So if he rejects the teaching in these councils (to which he claims necessity of submission), what pray tell, can he mean by “submission to councils”? Does he include only the early “ecumenical” councils to the exclusion of all others? If so, then he is again at odds with the Westminster Confession, which uses no uncertain terms in its assessment of the place of those councils (see yesterday’s article)—not to mention the fact that the Westminster Confession specifically rejects some of the theology of the earlier councils in its teaching on Scripture, the Lord’s Supper, the sacraments, the “sacrifice” of the mass, etc.

Which “authority” will our writer follow when there is a contradiction between the Westminster authority and the “ecumenical” authority? Moreover, on what basis does he make such a decision? More importantly, on what principle was the Westminster authority operating when it decided it would reject the earlier “ecumenical” authority? And does our writer believe they had a right to do that? And if so, what is the basis of that right, and just why doesn’t anyone else have that same right?

So our writer arbitrarily decides to follow some councils, but not others. He arbitrarily decides some of their teaching is worth following, but not all of it. He arbitrarily picks and chooses authorities that we must follow and obey, regardless of the mutually exclusive internal contradictions that exist among those authorities. So how does he justify this approach? Here’s his explanation:

In a non-emergency situation (that is, in normal life conditions), I would construe my personal responsibility like this: Within basic Christian orthodox confession, I choose to submit to my leaders even when I personally think they are wrong about some application of the orthodox confession. In other words, I would exercise my personal responsibility to avoid making unnecessary strife in the Church, and if later it turns out that I made a mistake and say, should have opposed something that I didn't or gone along with something that I opposed, I'll simply throw myself on the mercy of God in Christ Jesus, knowing that He remembers my frame and is SLOW to wrath. Not only does this make a lot more sense than the "private fancy" theory in terms of building a stable community, but in actual fact it is the way that most Protestants actually live relative to their own immediate authorities. The disconnect that is pointed out by the Catholic and Orthodox apologists is precisely the disconnect between what the Protestant recognizes in terms of his immediate authorities and what he simply refuses to recognize in terms of his more remote authorities (historic creeds and conciliar actions and so forth). But there does not appear to be any strictly logical reason why the theory that operates on the lower level cannot or should not also operate on the higher level.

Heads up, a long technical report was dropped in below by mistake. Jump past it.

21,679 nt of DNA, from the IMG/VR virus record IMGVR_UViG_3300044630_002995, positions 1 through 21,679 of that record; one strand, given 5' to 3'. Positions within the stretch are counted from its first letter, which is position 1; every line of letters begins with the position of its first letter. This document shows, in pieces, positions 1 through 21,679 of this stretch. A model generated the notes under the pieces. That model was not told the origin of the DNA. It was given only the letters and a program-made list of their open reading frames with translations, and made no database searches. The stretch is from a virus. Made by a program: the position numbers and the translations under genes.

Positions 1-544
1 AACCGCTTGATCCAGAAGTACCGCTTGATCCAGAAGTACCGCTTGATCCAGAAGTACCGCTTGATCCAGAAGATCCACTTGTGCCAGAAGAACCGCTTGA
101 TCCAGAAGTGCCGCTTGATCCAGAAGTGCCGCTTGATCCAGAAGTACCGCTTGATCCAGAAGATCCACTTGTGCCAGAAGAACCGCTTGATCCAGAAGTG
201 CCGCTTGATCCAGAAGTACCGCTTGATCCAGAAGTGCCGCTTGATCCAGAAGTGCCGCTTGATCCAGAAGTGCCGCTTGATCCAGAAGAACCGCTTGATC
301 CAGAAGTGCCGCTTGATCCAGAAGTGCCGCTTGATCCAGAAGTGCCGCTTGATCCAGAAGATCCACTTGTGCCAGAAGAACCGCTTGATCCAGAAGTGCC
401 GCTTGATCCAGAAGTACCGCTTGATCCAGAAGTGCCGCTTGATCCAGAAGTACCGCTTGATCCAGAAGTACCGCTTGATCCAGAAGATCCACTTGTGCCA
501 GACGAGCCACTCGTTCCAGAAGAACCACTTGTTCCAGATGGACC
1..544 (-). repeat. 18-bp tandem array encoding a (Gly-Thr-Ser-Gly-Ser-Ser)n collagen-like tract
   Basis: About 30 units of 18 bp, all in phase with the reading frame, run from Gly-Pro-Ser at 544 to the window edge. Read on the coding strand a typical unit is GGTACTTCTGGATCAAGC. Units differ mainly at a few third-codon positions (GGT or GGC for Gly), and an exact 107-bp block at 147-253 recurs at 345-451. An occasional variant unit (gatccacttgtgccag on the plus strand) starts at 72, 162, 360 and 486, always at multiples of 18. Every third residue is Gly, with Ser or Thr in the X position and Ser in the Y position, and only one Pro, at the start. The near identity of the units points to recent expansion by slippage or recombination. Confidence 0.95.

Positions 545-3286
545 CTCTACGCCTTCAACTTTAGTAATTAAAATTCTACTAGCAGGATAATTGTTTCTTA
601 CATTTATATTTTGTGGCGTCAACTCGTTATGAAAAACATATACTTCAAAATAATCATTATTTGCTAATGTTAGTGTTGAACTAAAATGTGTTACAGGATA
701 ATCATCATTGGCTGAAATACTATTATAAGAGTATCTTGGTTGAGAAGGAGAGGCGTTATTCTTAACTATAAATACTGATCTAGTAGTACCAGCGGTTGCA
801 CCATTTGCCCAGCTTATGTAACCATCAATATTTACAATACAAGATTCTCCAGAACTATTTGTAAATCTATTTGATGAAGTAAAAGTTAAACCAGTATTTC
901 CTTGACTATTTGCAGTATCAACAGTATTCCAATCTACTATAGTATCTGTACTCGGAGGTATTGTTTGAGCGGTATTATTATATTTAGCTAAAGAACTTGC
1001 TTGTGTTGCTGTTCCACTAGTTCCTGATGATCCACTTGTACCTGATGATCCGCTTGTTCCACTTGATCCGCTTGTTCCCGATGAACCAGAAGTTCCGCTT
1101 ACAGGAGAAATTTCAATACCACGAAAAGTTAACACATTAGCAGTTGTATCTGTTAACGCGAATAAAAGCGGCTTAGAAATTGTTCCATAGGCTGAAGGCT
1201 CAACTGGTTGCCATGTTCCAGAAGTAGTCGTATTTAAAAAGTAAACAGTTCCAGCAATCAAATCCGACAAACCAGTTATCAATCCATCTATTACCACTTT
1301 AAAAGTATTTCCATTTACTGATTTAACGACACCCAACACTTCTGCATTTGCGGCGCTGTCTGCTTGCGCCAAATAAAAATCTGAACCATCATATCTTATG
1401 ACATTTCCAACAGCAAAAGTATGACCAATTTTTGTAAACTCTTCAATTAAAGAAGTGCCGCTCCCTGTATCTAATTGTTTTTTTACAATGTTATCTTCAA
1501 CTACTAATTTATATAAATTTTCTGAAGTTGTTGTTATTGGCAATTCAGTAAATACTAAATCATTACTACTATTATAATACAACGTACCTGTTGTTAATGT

Except, of course, for the mutually exclusive theologies and theological assumptions represented by each one. I do not disagree that we should all be subject to our church leaders—leaders of our own choosing, I might add (how could it be otherwise?). And I agree we should put personal beliefs on secondary issues aside for the sake of the unity of the Spirit in the bond of peace. That’s a given in my approach. I do not advocate willy-nilly church hopping based on the personal whims of the individual, and neither do any of my associates. I am a strong believer in the authority of the church, so long as “church” is defined biblically, and so long as the whole church (read contemporary as well as ancient) is considered and is not reduced to some static articles of faith defined in language and context that may have been suited for its time and are largely correct but which, upon reflection, go well beyond what the Scriptures actually affirm. As the Westminster Confession affirms, they may err and may be in need of correction.